We were talking in our life group yesterday about signs and wonders. We were looking at the story of Moses trying to persuade Pharaoh to let the people go, and we were thinking about how signs and wonders these days influence how people respond to God and the Gospel. Some people are really drawn in to finding out more about God when something amazing happens; but sometimes people harden their hearts, and explain it away as just a coincidence. That’s a possibility when it’s just one amazing thing; but when two amazing things happen simultaneously, there’s a better chance of them taking it seriously.
For Joseph, in Genesis 40:6-22, there were two simultaneous signs and wonders. The two palace officials, the cupbearer and the baker who were in prison with Joseph, both had significant dreams on the same night. Joseph took a bold step of faith in offering to interpret them. It so happened that the first to speak told of a dream of fruitfulness – a vine blossoming and producing grapes to be squeezed into Pharaoh’s cup. The interpretation was one of fruitfulness – that the man would be restored to his position. The baker, emboldened by the cheery prospect of his comrade, told his story. It was one of loss – the birds eating away his produce. The interpretation told of an unhappy outcome, that the baker would be hanged.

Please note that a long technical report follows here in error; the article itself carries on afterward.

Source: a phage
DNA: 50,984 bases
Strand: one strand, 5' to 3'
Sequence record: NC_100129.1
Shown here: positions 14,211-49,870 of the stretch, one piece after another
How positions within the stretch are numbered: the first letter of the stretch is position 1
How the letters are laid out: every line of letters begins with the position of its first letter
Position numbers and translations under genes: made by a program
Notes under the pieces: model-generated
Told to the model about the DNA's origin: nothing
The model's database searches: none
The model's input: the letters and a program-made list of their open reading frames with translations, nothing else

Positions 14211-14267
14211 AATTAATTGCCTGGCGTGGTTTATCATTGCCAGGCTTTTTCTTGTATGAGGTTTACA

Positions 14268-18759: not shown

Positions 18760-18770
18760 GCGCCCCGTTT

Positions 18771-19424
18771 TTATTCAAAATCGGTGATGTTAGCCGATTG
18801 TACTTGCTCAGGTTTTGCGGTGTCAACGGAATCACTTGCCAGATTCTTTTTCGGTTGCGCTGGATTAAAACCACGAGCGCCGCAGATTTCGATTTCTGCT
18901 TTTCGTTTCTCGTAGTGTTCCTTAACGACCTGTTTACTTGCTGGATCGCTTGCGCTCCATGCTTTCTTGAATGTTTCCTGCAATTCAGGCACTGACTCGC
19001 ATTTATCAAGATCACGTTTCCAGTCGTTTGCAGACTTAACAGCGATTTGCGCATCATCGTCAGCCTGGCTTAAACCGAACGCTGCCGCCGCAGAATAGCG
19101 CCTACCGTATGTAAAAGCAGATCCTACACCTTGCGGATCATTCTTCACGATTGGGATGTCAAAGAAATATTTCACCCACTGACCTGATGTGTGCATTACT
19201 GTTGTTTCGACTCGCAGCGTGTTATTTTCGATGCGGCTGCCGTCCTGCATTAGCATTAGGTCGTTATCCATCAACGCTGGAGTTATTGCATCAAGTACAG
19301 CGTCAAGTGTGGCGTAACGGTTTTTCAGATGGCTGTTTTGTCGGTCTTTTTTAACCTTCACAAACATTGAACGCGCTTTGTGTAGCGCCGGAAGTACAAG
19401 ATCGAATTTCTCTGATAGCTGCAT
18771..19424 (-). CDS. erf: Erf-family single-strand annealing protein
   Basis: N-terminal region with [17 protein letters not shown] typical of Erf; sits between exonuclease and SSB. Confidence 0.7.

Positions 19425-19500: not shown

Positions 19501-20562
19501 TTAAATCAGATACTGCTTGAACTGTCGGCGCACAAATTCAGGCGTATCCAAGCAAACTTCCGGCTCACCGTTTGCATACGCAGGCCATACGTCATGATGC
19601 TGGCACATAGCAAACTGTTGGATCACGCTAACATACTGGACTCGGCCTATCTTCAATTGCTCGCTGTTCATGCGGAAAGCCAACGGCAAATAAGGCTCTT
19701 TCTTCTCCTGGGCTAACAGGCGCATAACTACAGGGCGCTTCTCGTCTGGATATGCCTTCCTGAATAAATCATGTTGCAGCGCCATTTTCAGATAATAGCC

On first glance, it seems rather random that these two palace official should receive such different outcomes to their very similar predicaments. Of course Joseph needed one of them to survive in order that his case might come to Pharaoh’s attention, and a contrast of fortune served to highlight his accuracy of interpretation. But it did seem rather unfair!
But looking again at the dreams – perhaps the cupbearer was a fruitful man, probably falsely accused, otherwise Pharaoh would never have restored him to a position so exalted and close to himself. The baker only spoke out his dream when he saw the good outcome for the cupbearer. Perhaps he was an opportunist, and his punishment was the due reward for a crime he was guilty of.
My guess is, God had collected these two, to be in prison for very different reasons, at just the same time; he had given them both dreams with very different meanings. What ensued for them was the result of their lifestyles, not of Joseph’s interpretation. For Joseph, the contrast demonstrated unequivocally that God was with him.
God is with us too. Am I, are you prepared to stick our necks out and demonstrate it with bold steps of faith – signs and wonders, acts of kindness, inspired words or any other means to show that He is God and we are his people?